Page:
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The "Strict Mode" Lesson is part of the full, TypeScript 3 Fundamentals, v2 course featured in this preview video. Here's what you'd learn in this lesson:

Mike describes the third step in converting JavaScript to TypeScript, and answers an audience question about when it makes sense to convert JavaScript to TypeScript.

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Transcript from the "Strict Mode" Lesson

[00:00:00]
>> Mike North: The third thing you're going to do as the third pass is in small chunks because there's really no benefit to doing this in a huge single pass. You're going to turn on strict TypeScript compiler settings. So the strict null checks, that makes it so that null it's not regarded, sorry I don't wanna use a double negative here.

[00:00:26] With strict null checks set to false, null is regarded as a valid value in any type. Not the any type, but you could have a number whose value is null. So null fits anywhere. Strict null check, set to true, makes it so that the only thing that can hold the null is null.

[00:00:52] And that's where you're gonna start shaking out, branches of your code that returned null and now you'll have to start introducing the intersection operator with this function returns the string or null. Strict true turns on a bunch of strictness settings, I won't go too deeply into that. Strict function types it validates arguments and return types of callback types.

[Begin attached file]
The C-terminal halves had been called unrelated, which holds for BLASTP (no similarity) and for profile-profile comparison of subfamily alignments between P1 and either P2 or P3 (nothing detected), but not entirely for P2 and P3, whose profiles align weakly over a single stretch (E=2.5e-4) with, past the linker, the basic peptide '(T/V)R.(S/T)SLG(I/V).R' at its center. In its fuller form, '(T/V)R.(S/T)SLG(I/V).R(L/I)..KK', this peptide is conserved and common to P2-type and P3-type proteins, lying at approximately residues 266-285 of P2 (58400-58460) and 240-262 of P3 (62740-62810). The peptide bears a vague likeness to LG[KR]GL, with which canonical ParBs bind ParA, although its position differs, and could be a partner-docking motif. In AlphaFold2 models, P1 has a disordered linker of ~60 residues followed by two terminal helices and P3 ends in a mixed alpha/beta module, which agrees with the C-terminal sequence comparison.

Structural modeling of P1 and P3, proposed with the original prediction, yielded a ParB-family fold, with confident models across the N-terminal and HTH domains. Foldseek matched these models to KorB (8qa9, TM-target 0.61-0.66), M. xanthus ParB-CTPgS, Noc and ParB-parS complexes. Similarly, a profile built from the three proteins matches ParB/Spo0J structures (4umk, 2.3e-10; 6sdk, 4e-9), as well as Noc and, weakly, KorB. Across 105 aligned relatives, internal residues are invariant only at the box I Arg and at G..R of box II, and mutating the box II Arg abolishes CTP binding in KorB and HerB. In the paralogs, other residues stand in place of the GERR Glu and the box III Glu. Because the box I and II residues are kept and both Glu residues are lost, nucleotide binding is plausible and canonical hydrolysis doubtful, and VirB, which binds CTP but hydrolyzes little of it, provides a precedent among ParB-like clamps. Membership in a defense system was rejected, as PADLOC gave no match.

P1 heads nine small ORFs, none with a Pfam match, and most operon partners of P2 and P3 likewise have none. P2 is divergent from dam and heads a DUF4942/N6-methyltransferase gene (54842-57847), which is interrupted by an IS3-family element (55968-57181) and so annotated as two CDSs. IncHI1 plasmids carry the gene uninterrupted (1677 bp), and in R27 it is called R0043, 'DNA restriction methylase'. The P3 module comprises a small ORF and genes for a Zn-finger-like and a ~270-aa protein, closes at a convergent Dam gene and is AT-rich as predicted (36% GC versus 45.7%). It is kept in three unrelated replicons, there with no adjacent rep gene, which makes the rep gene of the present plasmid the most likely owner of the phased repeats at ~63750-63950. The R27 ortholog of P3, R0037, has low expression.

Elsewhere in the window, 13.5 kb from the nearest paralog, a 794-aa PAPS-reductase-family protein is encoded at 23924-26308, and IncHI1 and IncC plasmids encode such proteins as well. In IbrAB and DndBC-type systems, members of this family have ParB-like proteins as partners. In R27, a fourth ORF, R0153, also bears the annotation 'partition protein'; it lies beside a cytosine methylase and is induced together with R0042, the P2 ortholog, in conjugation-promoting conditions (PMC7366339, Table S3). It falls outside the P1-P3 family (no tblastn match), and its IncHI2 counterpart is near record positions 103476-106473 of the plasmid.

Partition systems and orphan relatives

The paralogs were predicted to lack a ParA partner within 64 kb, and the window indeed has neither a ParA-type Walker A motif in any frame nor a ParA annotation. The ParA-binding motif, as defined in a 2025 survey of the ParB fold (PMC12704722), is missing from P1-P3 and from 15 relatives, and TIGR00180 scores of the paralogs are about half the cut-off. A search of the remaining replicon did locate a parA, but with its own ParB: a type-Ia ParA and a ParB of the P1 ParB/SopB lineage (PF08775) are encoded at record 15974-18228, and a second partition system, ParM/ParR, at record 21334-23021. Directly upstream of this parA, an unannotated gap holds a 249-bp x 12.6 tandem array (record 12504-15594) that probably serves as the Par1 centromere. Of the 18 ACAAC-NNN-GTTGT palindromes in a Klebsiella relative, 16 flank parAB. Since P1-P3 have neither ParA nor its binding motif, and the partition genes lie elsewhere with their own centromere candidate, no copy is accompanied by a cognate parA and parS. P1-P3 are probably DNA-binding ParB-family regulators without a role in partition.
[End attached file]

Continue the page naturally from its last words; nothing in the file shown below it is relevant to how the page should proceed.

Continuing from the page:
[00:01:23] So if you say, I take a mouseListener function as an argument, strictFunctionTypes will more rigorously type match against everything you try to pass to it. And Bind, Call, Apply, we've already looked at, that makes sure that the arguments passed to function bind, call, and apply and the lexical scope all type check appropriately.

[00:01:46] And normally, without that last flag set to true, bind, call, and apply, you basically lose all type safety through going into those functions. So this is where you're trying to get rid of as many explicit anys as you can and replace them with more meaningful types. And you wanna avoid casting, which is where you're forcing TypeScript to regard something as a particular type.

[00:02:16] That is done with the as keyword, so you'd say, regard this as a string. The more of that you introduce into your app, the more your types have a chance of lying to.
>> Speaker 1: So I mean, what is the benefit of uplifting an existing code base to TypeScript?

[00:02:39]
>> Mike North: They are the same benefits of using TypeScript in the first place.
>> Speaker 1: The amount of work you are talking about, and does that justify those benefits?
>> Mike North: So it kinda depends on a case-by-case basis. For example, if you're talking about some of these really small JavaScript modules that do one thing and one thing only, left pad would be a good example of this, right?

[00:03:04] It's adding a prescribed amount of white space to the beginning of the string, I'm not sure there's a whole lot of value in converting that kind of thing to TypeScript. However, if you want to use TypeScript elsewhere on code that is lacking types, someone has to provide that type information.

[00:03:23] You have two choices, you either can, through something I'll show you later, say, regard this whole module as an any, like anything goes. When I import something from this module, let me do whatever I want. You could do that but that's risky for the same reason any is a risky elsewhere.

[00:03:44] The other option is every consumer of your library has to kind of fill in the type information, at least for the portion they wish to use. Because the compiler it is performing a holistic analysis of your app, which includes all of it's dependencies. So, missing type information for dependencies that causes weakness in any app that depends on that code.